Hold your baby, the one you have,
or will have, or were, warm and sleeping
on your chest, her velvet head nestled
under your chin, smelling of milk.
What would you do to ban chlorpyrifos
from his blooming brain, sulfur dioxide
from their pink lungs, lead from her fresh
veins, pangs from his teaspoon stomach?
What would you do to save them from
Woolsey & Maria & Thomas, from gold
blindered liars tying stiff nooses out of
stilled currents and winds? What would
you do to cut your baby down from the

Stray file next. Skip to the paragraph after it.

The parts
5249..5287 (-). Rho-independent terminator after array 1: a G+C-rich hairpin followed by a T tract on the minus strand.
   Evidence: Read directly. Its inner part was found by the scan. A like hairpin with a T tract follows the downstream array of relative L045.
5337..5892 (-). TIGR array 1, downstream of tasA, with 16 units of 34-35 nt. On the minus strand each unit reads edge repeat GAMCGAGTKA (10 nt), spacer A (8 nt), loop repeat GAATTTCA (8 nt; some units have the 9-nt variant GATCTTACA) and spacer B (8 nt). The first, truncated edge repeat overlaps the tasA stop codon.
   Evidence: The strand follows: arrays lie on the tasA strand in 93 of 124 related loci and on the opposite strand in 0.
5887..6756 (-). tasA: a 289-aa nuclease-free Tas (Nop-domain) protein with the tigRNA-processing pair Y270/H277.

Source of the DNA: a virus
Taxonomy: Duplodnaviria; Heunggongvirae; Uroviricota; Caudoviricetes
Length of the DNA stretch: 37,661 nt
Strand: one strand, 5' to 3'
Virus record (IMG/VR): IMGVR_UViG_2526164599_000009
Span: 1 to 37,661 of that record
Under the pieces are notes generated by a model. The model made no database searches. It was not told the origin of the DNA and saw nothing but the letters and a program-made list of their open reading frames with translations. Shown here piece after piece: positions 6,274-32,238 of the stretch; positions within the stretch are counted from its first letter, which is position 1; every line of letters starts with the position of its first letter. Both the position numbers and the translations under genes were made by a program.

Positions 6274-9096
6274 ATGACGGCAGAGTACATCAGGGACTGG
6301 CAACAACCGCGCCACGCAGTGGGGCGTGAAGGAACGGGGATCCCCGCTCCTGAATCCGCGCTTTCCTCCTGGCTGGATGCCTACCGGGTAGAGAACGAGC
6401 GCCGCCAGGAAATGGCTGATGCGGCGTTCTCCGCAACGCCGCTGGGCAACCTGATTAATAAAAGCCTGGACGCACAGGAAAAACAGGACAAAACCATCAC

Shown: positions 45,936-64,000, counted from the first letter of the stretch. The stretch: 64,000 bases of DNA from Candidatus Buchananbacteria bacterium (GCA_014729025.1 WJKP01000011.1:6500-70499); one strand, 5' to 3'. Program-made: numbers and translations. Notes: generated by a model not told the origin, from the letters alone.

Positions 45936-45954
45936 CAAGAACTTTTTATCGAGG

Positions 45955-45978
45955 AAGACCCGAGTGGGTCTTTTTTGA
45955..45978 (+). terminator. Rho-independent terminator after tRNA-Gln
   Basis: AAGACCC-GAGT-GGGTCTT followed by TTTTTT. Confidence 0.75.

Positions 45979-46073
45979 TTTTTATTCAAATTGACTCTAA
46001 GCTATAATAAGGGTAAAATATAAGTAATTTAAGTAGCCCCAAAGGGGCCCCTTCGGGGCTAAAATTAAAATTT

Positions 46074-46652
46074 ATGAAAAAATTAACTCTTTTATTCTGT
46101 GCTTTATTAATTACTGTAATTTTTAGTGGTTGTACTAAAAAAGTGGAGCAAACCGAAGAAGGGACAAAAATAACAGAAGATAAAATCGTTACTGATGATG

gallows, where she cries on a block of ice
beside whales, bees, sparrows, and corals,
sequoias, krill, and mangroves, all parching
in the winter sun. We will
Elizabeth Kuelbs holds an MFA from the Vermont College of Fine Arts. Her work appears in The Timberline Review, The Poeming Pigeon, Cricket, Mothers Always Write, and elsewhere. She is a Pushcart Prize nominee, and the author of a chapbook forthcoming from Dancing Girl Press.
Photo by Gilles Rolland-Monnet.